Parkinson will evidently be weighing more importance on filling the position than as to leave barely any of his reduced budget left over to sign the two goalkeepers needed, but he’s probably not going to splash out the cash on the number two keeper at least. Last season, with the larger budget, Parkinson relied upon loan keepers to sit on the bench for half a season as insurance for a Jon McLaughlin injury. There may have been some financial commitment involved in borrowing Connor Ripley and Aaron Jameson, but it would barely have troubled the salary cap. With austerity the order of the summer, it’s hard to imagine Parkinson dramatically altering that stance.

Which makes the situation with McLaughlin all the more curious. City’s longest serving player was offered a contract to remain at the club, but for one reason or another it wasn’t signed. Clearly the club wanted him to stay when originally offering him that deal, but something stopped the Scot from agreeing to it. Without any public comment from the player, speculation reigns as to why he didn’t take the offer. Was he holding out for more money? Would he have preferred a longer deal? Had he been told that he might not be number one next season and was therefore unhappy? Was he aware of other clubs showing an interest in his services?

For the time being, McLaughlin trains with the club, presumably unpaid. If he was attracting interest from other clubs, what has stopped them from signing him, or why isn’t he at least appearing on trial for them? For these reasons, you can only speculate that offers from elsewhere have not being forthcoming, or at least any previous interest shown towards him has faded, should the keeper have been holding out for this. McLaughlin may have appeared on other clubs’ list of targets, but if other names were ahead of him on those lists, and if the club in question succeeded in signing them, there would be no need to follow up any initial interest shown towards Jon.

Such a scenario would appear to have occurred with James Meredith. In May the Aussie was quoted in Four-Four-Two as saying that although City would offer him a new contract, there was interest elsewhere that he would also look at. “I’m obviously assessing my options…Before I got injured there was a lot of interest from Championship clubs, that interest has died down a bit but there’s still a bit there.” It would appear that, as Meredith stalled over signing the deal on the table, City opted to sign Alan Sheehan instead (and on the day Sheehan signed, Sky Sports revealed Meredith had rejected his original contract offer). However, Meredith ultimately came back and agreed a revised one-year deal.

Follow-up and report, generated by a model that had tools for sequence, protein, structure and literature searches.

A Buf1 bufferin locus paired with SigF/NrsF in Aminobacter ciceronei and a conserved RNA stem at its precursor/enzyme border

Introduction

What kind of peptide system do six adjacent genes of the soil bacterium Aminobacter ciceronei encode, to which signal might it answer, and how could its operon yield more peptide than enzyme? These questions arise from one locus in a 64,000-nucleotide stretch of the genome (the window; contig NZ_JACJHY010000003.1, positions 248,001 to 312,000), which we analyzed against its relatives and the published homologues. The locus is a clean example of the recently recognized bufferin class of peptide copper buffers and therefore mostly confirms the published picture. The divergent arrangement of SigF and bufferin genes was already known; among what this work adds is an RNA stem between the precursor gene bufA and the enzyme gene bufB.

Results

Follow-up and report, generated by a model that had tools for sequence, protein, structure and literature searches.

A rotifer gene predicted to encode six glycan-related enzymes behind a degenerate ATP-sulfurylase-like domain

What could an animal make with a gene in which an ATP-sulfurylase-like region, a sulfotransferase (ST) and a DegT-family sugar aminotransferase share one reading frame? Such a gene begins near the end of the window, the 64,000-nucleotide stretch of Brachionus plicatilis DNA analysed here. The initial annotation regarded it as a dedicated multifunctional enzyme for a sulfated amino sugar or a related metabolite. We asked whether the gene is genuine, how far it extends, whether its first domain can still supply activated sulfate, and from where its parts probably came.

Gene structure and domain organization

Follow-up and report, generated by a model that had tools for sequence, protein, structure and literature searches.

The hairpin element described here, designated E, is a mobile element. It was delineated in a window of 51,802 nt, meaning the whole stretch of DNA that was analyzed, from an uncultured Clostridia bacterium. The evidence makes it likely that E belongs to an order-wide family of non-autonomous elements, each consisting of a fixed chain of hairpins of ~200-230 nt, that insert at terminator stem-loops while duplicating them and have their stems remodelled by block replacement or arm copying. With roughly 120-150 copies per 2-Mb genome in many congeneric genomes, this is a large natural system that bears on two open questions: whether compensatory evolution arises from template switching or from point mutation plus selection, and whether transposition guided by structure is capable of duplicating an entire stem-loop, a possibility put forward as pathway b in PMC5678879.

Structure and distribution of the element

If there was interest in Meredith, it never materialised or wasn’t sufficiently tempting enough to better playing for Bradford City. Yet had Meredith originally signed the deal offered to him, would Parkinson have signed Alan Sheehan? The net result is that City now have two excellent left backs for League One level, and Sheehan – who was probably given certain assurances when he signed – is set to be first choice. By seemingly stalling, Meredith is now left with a lot of work to do earning a place in the team and winning over a doubting public. He must now have regrets.

A year ago I was speaking to the late former City Head of Development, Archie Christie, who was working for Harry Redknapp at QPR and quizzed me about Meredith. Unknowingly, I was providing him a reference about Meredith (I’m sure he also asked better qualified people than me) as he was on QPR’s lengthy list of targets for that summer. Again, nothing materialised and – to the best of my knowledge – City never received a transfer bid from Rangers. But it underlines the point that, as clubs draw up their wanted lists every close season, appearing halfway down one is no guarantee it will lead to something.